The Gardener's Journal is a free monthly gardening guide delivered direct to your inbox.

Each month, receive tips on the top jobs needed in your garden as well as a wealth of information on a range of gardening topics. From sowing seeds to picking fruit, each month get access to information on the care and maintenance of your flowerbeds, vegetable plot and lawn. As with your own gardening diary, the journal is split into separate sections, each covering a different area of garden care.

Wednesday, 23 March 2016

Lawn Care Guide - April

Feed me now


From April onwards the need for more frequent mowing of the lawn is likely, depending on weather and location. Remember the higher the height of cut the healthier the lawn will be and cutting not more than a third off the height with any one mowing should be the rule.

Weeds will start to proliferate and the lawn can be treated now with a selective weed killer, one that does not affect the grass plant. Aerating the lawn by hand (a garden fork will do the job on a smaller lawn) or machine before the ground becomes hardened is beneficial in helping the soil to warm up, encouraging growth, and allowing it to drain more freely by breaking up compaction that has occurred over the winter months.


Compaction, as a result of the lawn being trampled by feet and compressed by machines, the lawn mower or garden tractor, will lead to little or no room for root development and growth. Oxygen levels vital for root growth and plant health are also reduced and as soil particles are squashed together the minute spaces hold water leaving the lawn prone to wetness and areas of standing water. Aerate the soil and you open up large pore spaces, allowing water to reach the plant root and providing good drainage.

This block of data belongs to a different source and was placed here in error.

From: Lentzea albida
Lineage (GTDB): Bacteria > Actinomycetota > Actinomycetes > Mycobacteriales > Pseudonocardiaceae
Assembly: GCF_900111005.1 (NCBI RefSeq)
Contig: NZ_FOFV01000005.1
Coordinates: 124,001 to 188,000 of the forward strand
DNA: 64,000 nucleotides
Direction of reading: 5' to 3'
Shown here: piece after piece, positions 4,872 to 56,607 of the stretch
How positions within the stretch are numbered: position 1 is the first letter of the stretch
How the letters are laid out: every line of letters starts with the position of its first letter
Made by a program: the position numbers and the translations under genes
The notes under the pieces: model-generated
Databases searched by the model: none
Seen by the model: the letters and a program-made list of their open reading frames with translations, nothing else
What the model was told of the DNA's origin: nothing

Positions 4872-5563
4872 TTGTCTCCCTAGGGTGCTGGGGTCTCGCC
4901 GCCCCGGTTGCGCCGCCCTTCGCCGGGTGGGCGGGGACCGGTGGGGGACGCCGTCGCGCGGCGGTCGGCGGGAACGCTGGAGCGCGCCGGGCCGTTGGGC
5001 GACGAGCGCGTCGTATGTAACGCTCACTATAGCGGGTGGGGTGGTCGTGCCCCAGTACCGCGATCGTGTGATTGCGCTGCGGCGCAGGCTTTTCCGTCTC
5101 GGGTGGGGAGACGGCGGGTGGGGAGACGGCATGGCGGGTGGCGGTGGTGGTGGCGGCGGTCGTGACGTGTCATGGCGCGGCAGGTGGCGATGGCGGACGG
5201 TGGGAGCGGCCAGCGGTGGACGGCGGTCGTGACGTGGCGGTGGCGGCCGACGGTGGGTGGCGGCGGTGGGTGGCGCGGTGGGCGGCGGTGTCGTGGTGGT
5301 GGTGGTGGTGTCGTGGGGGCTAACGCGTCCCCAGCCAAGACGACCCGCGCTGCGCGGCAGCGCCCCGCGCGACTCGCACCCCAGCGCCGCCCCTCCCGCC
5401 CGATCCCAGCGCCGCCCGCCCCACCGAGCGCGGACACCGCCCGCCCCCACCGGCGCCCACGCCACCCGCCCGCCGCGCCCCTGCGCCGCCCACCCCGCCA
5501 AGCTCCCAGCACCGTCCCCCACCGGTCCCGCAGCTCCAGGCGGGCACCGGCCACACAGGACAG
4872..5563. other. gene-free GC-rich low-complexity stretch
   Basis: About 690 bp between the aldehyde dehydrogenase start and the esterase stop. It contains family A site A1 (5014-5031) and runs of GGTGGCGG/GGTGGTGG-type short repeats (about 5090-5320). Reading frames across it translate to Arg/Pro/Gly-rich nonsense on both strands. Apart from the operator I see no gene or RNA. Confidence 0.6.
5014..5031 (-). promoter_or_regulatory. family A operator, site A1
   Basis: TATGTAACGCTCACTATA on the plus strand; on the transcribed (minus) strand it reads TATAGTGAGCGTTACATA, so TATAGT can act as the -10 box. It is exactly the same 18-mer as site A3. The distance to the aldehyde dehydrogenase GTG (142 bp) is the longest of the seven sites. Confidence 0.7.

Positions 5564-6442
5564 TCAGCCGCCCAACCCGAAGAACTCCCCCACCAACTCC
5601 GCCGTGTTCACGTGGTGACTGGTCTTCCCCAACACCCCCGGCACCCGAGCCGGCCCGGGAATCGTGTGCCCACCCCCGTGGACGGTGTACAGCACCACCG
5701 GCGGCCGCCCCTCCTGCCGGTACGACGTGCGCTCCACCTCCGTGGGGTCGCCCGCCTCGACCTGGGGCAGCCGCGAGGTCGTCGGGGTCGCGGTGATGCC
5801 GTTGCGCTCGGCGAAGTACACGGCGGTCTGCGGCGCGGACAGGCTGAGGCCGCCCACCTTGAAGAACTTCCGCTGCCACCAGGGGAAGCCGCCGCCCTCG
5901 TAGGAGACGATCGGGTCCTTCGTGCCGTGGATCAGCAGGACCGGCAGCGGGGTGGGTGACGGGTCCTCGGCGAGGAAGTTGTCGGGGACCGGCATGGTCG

Compaction ultimately leads to a stressed plant and development of thatch, while excessive wetness and warmed, damp areas allow moss to develop. If you own a Countax or Westwood garden tractor you can fit attachments for aerating, scarifying and spiking the lawn.

Poor draining, wet soils, inadequately fertilised soil, areas of shade and compaction can all lead to moss development and spread. Moss reproduces via miniscule spores produced in spring and autumn. The plant grows through the winter and produces hundreds of thousands more spores in spring before the mother plant dies. Raking the moss before it has completely died off only serves to spread the spores over the lawn.

On a moss-free lawn, around the middle of April, consider applying a lawn fertiliser, such as Universal Lawn Feed. If your lawn has moss you can use a three in one weed and moss killer with fertilizer. If you don’t like to see or have to rake out black debris moss killers leave behind, consider using MO Bacter, an organic fertiliser which releases nutrients over twelve weeks. Its effective ingredients are nitrogen, phosphate and potash (5.5.20) plus magnesium and bacteria (bacillus sp) found naturally in the soil. Added to fertiliser the bacteria consume dead material like thatch and moss making it unnecessary for raking out after treatment. However, this needs to be applied when the ground temperature is 5ÂșC or more so keep an eye on the frost warnings and wait awhile if need be.

No comments:

Post a comment